By Mara Knaub
However, a spokeswoman for the owners of Inca Lanes says it never crossed their minds that it would be considered offensive and their only intention was to revive a “nostalgic” figure.
Jerry and Nancy Thomas brought back the mascot to celebrate the reopening of a newly renovated Inca Lanes, 1250 W. 16th St. It's been a part of the business since its beginnings in 1987, when the mascot was painted on a back wall.
“We have had the character for 25 years,” said Cristy Thomas, Inca Lanes spokeswoman.
“We thought bringing him back would be nostalgic. We thought people would remember him, kind of a throwback.”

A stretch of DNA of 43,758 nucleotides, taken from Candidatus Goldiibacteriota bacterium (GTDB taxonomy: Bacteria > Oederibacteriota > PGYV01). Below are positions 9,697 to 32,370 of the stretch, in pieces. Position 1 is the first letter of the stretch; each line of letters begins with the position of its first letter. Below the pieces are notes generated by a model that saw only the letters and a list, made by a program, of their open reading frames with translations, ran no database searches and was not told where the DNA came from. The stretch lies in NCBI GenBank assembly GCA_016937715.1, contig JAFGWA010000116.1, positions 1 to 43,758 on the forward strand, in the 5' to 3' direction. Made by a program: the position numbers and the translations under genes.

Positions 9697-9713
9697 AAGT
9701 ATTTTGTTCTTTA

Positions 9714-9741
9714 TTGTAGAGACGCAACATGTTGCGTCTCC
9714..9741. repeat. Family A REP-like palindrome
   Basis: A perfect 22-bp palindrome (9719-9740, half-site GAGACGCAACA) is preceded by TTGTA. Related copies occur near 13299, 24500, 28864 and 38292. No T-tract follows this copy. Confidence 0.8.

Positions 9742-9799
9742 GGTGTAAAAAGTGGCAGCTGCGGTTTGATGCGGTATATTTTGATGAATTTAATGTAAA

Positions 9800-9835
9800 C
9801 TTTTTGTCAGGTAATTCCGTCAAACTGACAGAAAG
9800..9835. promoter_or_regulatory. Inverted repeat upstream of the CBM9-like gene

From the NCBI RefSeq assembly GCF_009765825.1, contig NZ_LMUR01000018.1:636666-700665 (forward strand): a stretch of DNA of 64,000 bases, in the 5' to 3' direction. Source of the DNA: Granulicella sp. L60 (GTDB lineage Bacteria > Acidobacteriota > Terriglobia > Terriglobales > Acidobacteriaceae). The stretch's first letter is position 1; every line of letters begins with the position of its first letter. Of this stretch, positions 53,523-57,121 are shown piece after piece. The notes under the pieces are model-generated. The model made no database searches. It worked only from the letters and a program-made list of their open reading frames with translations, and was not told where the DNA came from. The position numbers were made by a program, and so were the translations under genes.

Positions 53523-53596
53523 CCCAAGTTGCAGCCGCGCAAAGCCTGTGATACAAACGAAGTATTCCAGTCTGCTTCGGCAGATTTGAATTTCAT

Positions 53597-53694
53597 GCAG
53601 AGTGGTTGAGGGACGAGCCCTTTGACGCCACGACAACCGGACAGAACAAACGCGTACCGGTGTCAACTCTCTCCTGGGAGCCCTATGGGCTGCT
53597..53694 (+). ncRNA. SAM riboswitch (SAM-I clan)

So the owners thought this old mascot wouldn't offend anyone? Well, now they know differently. What are they going to do about it...anything?
This is such a typical situation. The owners thought it would be "fun" or "nostalgic" to bring back a stereotypical mascot. They didn't think anyone would mind because they think Indians are extinct.
Note that they're not admitting their mistake or apologizing for it...yet. They're basically flaunting their ignorance and expecting everyone to accept it. The implicit message seems to be: "Indians get upset at being depicting as primitive savages? How were we supposed to know, and why should we do anything about it?"
For more on old Indian mascots, see Decision 2012: Silverbacks or Chiefs and EMU Revives Hurons Mascot.